The use of creosote for protecting wood products in heavy-duty application outdoors has been common for many years, but stricter regulations have limited creosote’s use. Life cycle assessments (LCA) have shown that in some applications alternatives to creosote treated products do not have less environmental impacts. Searching for alternatives to creosote, tall-oil-based preservatives have been of interest; in this regard, a LCA study has therefore been performed to compare the creosote and tall oil treated products according to their impacts on global warming potential (GWP). There are several approaches to include the removal and release of biogenic carbon in LCA. Under current end-of-life scenarios for treated wood, the different approaches give the same total impact on GWP when the whole life cycle is included. However, if carbon capture and storage is implemented at end-of-life of treated wood, the different approaches have large differences in the results. Tall oil treated wood has been shown in this study to have a relatively large contribution to GWP compared to creosote treated wood from a cradle-to-gate perspective. When the whole life cycle is included, the tall oil has a relatively lower contribution to GWP. This is because tall oil is from a renewable resource and that the combustion at end-of-life thus has a significantly lower impact than fossil-based creosote.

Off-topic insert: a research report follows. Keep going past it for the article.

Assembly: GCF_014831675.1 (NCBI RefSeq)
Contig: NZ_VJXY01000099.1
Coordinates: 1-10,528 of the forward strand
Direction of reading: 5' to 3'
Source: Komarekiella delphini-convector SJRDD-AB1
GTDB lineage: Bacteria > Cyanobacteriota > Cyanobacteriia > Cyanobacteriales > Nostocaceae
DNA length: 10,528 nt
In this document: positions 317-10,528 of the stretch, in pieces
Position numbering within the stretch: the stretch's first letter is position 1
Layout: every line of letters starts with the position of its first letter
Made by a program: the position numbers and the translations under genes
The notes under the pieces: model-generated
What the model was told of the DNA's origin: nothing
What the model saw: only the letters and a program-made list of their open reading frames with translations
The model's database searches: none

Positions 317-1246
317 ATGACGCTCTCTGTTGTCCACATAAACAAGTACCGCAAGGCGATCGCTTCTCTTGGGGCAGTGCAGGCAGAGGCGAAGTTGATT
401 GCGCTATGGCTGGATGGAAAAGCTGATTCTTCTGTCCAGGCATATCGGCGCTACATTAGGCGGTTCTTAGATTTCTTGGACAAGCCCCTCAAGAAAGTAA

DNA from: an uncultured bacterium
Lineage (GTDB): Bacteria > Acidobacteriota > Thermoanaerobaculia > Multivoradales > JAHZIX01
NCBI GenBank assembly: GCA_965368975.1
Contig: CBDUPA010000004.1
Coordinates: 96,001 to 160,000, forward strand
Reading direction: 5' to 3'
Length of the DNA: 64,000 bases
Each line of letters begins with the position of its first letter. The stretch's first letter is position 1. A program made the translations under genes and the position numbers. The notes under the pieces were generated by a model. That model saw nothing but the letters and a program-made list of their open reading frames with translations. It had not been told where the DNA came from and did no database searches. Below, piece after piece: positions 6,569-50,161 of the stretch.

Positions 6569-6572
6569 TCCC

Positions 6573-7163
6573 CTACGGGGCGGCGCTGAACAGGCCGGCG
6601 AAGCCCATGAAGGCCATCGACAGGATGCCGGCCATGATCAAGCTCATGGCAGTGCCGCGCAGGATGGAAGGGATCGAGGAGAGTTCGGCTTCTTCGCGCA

L G F Tellnes, U Hundhausen


Long service life or cascading? The environmental impact of maintenance of wood-based materials for building envelope and their recycling options
2018 - IRG/WP 18-50336